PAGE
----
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New Treatment Sought for Neurofibromatosis

August 12, 2008

U.S. medical scientists say they have discovered a mutation that causes a childhood tumor syndrome also impairs growth hormone secretion.

Washington University School of Medicine researchers said their discovery provides insights into a medical mystery: why patients with neurofibromatosis type 1 are frequently shorter than their peers.

The researchers said the finding has led scientists to consider modifying their search for treatments for the inherited disorder, which is caused by a mutation in the neurofibromin 1, or NF1, gene and is characterized by an increased risk of cancer.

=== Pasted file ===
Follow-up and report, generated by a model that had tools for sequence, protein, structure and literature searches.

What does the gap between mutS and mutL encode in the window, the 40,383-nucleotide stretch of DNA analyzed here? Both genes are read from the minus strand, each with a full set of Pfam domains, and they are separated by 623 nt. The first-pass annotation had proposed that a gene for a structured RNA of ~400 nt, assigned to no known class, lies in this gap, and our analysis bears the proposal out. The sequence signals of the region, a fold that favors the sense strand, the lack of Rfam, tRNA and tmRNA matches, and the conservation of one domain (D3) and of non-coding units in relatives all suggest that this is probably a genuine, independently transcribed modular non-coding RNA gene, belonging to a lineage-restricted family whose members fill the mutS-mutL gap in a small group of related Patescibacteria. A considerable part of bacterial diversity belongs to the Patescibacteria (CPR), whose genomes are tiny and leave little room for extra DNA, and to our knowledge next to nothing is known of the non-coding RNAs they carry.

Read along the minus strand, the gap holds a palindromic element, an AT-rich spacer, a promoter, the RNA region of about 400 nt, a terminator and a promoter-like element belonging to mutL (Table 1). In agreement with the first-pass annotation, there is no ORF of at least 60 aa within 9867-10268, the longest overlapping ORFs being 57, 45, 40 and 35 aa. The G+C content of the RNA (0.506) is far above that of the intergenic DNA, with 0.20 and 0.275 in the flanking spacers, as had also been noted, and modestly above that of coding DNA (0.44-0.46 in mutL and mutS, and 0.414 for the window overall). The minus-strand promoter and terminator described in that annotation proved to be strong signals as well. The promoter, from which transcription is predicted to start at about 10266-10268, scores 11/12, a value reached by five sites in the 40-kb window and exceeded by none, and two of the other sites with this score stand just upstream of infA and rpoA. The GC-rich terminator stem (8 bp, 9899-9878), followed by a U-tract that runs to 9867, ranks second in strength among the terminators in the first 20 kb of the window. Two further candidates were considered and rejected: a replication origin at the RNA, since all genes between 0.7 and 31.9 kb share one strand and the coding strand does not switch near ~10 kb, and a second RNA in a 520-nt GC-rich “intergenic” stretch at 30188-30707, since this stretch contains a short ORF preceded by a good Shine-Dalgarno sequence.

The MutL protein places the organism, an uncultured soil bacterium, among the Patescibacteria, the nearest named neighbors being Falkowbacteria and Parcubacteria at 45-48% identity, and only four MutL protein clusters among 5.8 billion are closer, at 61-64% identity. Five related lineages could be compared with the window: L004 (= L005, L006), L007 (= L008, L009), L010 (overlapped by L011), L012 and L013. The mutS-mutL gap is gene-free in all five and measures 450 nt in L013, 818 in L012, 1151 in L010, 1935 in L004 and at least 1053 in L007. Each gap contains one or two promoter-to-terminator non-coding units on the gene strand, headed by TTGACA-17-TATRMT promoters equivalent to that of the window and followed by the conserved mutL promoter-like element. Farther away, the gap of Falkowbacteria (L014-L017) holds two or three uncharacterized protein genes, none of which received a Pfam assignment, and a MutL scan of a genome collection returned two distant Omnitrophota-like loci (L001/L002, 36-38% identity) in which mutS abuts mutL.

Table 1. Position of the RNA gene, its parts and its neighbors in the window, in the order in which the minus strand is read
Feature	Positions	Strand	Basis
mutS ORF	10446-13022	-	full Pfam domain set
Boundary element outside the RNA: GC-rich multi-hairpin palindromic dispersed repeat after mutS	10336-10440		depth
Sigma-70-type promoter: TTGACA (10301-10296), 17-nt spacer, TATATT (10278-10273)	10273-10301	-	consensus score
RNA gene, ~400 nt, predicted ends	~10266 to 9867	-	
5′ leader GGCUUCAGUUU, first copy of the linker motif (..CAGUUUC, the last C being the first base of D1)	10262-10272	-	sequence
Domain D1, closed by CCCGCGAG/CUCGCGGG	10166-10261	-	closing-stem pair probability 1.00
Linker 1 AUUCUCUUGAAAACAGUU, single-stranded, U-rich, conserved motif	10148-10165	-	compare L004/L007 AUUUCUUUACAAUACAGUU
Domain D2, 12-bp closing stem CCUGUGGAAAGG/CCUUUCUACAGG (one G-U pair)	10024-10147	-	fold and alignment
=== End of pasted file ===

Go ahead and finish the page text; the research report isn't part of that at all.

“We’ve learned that the NF1 gene affects stature through a different pathway than the one we’ve previously focused on to understand cancers in patients with neurofibromatosis type 1,” said Dr. David Gutmann. “Given that this second pathway has been linked to cancer in other contexts, we may need to consider the possibility that it is contributing to these tumors and alter our treatment goals accordingly.”

Neurofibromatosis 1 affects more than 100,000 people in the United States and is one of the most common tumor predisposition syndromes.

The study’s findings appear online in the journal Human Molecular Genetics.




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